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4.A. Ancient Western Views on
Body, Soul and Mind
• Introduction.
• 1. Materialism, Atoms, and Sensation:
Democritus and Lucretius.
• 2. Body and Soul: Plato.
• 3. Soul as Form of the Body: Aristotle.

• Philosophers from ancient times to the present
have struggled to understand the nature of the
mind or soul, the nature of body, and the relations
between them.

• Ancient thinkers, both eastern and western, have
questioned whether there is some essential
connection between the soul and God, whereas
others have claimed that minds are physical

. Materialism. Everything that exists is material. Atoms. 4 A 1. minds are not “spiritual” in any sense. Therefore. and Sensation: Democritus and Lucretius • Thesis.

. Sensations and other mental phenomena are simply atoms in motion. Thus the taste of something may be affected by sickness. This suggests that minds are simply kinds of conditions of bodies. *** • Sensation is shown to be dependent upon states of the body. the very young and the very old). • Mental abilities vary with physical condition (cf.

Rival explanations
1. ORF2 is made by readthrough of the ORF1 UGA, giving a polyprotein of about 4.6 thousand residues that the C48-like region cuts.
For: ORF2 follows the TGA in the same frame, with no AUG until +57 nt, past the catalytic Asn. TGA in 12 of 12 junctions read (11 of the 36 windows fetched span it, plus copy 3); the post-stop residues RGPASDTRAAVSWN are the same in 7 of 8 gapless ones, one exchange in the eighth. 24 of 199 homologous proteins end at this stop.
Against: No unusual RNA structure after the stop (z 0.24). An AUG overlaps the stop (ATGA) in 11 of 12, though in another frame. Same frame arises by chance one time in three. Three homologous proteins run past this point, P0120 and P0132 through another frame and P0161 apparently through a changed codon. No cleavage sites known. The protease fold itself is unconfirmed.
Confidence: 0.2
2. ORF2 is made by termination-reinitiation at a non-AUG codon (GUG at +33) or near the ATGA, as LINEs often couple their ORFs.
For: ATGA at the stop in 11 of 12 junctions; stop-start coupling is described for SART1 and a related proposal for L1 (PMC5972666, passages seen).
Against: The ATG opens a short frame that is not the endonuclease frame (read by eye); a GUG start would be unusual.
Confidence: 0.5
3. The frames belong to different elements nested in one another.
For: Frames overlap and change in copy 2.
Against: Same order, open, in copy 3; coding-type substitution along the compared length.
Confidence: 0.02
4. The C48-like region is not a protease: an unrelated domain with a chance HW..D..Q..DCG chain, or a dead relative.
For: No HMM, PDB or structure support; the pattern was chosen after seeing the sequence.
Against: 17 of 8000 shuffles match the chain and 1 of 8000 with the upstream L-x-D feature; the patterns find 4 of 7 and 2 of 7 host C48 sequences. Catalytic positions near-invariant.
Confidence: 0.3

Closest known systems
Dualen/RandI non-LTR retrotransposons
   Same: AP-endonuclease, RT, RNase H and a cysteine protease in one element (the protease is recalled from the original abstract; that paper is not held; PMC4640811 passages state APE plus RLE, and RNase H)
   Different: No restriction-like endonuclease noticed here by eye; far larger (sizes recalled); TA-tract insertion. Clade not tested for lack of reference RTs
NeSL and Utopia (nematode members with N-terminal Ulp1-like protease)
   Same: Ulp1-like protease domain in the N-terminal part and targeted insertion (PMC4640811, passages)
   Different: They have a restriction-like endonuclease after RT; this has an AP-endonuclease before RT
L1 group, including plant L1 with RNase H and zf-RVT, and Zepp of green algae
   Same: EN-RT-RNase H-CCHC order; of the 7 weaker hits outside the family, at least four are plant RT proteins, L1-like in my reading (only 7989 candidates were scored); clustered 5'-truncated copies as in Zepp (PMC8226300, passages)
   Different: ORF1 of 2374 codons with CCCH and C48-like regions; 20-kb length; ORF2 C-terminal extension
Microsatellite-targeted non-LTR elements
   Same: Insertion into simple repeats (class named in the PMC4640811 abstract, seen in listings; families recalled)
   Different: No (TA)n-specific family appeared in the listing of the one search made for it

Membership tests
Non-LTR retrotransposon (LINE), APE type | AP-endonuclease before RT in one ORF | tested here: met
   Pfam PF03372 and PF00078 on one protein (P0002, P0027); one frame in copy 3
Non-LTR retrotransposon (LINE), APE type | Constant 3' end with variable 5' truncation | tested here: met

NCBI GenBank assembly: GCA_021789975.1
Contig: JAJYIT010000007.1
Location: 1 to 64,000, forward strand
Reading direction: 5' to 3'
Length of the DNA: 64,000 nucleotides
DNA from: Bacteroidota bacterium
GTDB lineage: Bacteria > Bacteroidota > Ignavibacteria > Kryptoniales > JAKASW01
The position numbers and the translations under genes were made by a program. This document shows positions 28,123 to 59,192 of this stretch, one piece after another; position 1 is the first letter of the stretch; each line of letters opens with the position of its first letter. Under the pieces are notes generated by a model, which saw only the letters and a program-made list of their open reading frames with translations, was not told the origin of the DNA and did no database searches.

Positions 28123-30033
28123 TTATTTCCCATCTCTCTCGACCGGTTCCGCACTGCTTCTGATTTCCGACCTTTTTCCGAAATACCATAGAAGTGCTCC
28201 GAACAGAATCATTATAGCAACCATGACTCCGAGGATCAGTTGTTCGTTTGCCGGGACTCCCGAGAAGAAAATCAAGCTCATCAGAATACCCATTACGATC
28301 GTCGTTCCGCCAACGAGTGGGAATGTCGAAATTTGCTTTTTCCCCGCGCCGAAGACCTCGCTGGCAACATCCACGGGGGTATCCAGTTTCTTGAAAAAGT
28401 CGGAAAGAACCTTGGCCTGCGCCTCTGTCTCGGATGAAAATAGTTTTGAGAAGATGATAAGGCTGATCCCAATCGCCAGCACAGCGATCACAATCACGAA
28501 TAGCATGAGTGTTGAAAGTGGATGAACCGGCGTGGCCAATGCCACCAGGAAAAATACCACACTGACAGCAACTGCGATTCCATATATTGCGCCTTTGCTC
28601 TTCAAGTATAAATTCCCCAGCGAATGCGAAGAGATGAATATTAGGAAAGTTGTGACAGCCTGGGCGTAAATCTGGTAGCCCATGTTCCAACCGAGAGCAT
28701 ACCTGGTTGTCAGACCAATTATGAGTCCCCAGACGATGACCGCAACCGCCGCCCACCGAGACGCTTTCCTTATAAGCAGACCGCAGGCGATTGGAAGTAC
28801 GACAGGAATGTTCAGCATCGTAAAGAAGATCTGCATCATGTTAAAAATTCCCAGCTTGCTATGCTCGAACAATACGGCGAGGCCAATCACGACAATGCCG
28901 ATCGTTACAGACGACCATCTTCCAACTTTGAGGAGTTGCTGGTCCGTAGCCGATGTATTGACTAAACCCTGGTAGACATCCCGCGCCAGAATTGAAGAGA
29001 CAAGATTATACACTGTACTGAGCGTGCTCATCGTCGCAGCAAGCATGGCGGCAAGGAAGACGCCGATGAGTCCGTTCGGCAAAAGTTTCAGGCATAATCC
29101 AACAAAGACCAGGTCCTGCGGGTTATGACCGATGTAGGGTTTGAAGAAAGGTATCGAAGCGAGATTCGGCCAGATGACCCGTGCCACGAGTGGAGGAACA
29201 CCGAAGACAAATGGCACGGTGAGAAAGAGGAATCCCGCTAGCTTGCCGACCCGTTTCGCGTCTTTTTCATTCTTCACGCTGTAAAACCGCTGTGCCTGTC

. The correct view on the relation between the soul and the body is dualism.a physical body and a non-physical soul. which in this context means that humans are composed of two distinct things -. Body and Soul: Plato • Thesis. 4 A 2.

It is by definition a principle of life.” Thus it must be able to exist apart from the body. which is mortal. • The soul is also intrinsically immortal. so it cannot “admit death. the body is associated with misleading or evil passions and appetites. . *** • The soul is intrinsically pure.

Some parts of it are no longer thought of as intrinsically pure. The soul is conceived as an arena in which various principles struggle for dominance. . but rather in need of direction by the pure parts. *** • Plato’s concept of the soul develops. But the notion of immortality is maintained. In his later dialogues he thinks of the soul as complex.

conceived as such a principle. or manner of operation. Soul as Form of the Body: Aristotle. so the soul. must exist in plants and all animals. of a living thing. but rather is the form. . There is obviously a principle of life in all living things.4 A 3. It is not separable from the body. • Thesis.